The Grain Millers Association of Zimbabwe (GMAZ) has started receiving the 30 000 tonnes of wheat imported recently and millers who had temporarily closed shop due to the unavailability of the cereal are now expected to resume operations.
The wheat was secured by GMAZ on an instalment prepayment arrangement.
The wheat landed at Beira, Mozambique recently.
It was released after the Reserve Bank of Zimbabwe paid the balance owed to Holbud’s Lithuanian.
Addressing journalists yesterday at Olivine Plant in Willowvale where the association had received part of the consignment, GMAZ chairman, Mr Tafadzwa Musarara said it was important that the country continued to have bread-making wheat.
“We expect that by Wednesday next week, the millers that had shut down will re-open and start producing,” he said.
“We have listed the top nine millers to be prioritised in terms of wheat flour supplies who account for the 92 percent supplies of the market.”
Mr Musarara expressed concern over panic buying on the market, saying it was worsening the situation.
He said wheat was competing with fertiliser imports and this had delayed its delivery as the National Railways of Zimbabwe was overwhelmed.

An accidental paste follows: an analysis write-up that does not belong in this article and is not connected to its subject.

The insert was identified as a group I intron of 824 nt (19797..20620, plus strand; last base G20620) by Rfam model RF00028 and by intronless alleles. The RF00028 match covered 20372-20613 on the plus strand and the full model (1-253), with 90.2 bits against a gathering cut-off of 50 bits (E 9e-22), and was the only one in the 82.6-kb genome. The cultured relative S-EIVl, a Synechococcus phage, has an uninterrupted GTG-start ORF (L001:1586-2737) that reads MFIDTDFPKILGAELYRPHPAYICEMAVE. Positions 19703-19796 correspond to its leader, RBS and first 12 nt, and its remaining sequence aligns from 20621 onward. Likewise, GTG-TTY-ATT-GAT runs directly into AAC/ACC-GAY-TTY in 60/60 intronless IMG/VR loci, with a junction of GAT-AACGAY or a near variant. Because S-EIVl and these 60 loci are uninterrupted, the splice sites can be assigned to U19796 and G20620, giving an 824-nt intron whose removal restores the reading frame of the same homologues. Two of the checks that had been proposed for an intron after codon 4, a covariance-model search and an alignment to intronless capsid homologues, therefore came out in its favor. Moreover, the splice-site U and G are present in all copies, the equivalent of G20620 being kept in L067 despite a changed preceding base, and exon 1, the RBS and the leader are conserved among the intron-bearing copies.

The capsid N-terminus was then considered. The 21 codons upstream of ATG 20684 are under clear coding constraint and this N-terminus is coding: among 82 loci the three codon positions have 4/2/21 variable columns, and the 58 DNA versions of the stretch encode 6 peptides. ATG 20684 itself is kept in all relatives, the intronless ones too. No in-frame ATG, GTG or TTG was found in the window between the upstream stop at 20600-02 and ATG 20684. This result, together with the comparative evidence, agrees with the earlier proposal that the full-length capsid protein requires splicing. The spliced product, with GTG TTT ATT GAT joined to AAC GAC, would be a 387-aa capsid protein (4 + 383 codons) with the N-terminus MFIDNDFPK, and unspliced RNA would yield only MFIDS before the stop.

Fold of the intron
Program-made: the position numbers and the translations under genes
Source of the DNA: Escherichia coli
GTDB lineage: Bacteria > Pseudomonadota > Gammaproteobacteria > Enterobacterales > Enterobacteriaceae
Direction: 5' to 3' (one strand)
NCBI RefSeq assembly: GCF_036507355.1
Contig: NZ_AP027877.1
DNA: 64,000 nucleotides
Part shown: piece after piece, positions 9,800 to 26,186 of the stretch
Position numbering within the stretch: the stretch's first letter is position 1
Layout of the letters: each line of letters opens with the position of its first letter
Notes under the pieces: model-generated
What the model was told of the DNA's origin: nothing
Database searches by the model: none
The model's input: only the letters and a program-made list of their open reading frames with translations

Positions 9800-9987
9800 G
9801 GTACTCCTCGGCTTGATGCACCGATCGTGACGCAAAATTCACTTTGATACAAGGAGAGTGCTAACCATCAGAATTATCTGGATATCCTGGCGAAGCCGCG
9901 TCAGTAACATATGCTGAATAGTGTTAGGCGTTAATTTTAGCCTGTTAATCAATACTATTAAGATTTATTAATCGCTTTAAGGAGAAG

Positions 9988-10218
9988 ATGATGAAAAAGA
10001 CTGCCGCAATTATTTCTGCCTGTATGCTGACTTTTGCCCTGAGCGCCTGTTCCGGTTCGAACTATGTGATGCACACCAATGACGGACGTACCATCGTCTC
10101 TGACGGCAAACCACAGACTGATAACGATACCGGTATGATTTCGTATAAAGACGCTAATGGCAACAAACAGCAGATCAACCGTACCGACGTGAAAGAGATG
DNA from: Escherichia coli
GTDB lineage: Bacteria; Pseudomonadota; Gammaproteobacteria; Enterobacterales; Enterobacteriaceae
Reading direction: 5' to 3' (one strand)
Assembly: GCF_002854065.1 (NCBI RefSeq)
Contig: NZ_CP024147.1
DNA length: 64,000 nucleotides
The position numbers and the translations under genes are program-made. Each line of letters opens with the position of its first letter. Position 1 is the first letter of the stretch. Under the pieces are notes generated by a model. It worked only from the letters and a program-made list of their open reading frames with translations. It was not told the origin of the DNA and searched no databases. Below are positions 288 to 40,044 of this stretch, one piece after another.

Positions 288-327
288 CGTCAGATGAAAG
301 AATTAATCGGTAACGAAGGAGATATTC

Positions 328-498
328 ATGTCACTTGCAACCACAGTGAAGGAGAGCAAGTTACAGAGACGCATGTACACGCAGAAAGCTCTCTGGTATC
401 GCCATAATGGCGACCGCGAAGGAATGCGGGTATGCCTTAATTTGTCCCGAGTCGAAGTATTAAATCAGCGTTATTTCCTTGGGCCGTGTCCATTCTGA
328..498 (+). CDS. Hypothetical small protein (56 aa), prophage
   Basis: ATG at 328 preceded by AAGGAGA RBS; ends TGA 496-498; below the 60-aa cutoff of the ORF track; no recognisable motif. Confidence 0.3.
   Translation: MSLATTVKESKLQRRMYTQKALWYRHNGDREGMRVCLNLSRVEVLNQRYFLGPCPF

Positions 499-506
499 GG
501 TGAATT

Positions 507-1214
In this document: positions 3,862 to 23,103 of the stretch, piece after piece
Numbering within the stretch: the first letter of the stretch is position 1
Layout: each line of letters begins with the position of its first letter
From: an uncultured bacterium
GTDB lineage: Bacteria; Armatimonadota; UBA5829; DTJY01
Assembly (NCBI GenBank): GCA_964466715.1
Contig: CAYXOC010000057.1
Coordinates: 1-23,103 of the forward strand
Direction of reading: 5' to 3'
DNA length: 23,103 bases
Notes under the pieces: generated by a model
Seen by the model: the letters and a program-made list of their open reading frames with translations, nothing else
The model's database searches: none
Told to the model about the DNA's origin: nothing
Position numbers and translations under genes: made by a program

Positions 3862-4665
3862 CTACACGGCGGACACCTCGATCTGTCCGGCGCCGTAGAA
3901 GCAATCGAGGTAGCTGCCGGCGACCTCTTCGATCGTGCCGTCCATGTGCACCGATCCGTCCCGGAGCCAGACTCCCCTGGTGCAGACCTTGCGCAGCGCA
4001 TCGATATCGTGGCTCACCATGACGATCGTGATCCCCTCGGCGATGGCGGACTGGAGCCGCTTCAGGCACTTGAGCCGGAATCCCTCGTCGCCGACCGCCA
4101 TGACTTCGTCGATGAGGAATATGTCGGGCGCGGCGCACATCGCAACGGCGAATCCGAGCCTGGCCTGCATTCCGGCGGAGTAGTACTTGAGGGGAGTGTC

“If the NRZ had been bringing in 40 wagons a day, the situation would take 10 days to normalise,” he said.
“We are ready to supply the market and all we need to supply is in place and the only challenge is with the NRZ. We hope NRZ improves.”
GMAZ intends to buy 120 000 tonnes of wheat locally at $310 per tonne.
Mr Musarara said millers were also lobbying for a producer price of $730 per tonne when GMB buys from farmers.
“We recommend that millers continue to buy the wheat from GMB at last year’s price of $310 per tonne,” he said.
Mr Musarara said people were shifting preferences from maize to flour and rice, increasing demand for wheat products.
“The RBZ should continue to assist us with funding,” he said.
“We are now entering into the festive season and we are now working on ensuring that there will be enough wheat, rice and salt during that period . . .
“After next week, we need to make further payments. We should have a six months plan as it takes a long period for the ship to load and come.”
Zimbabwe requires about 460 000 tonnes of wheat annually.
The national wheat requirement is 38 000 tonnes a month and the current national consumptions stands at 1,5 million loaves a day.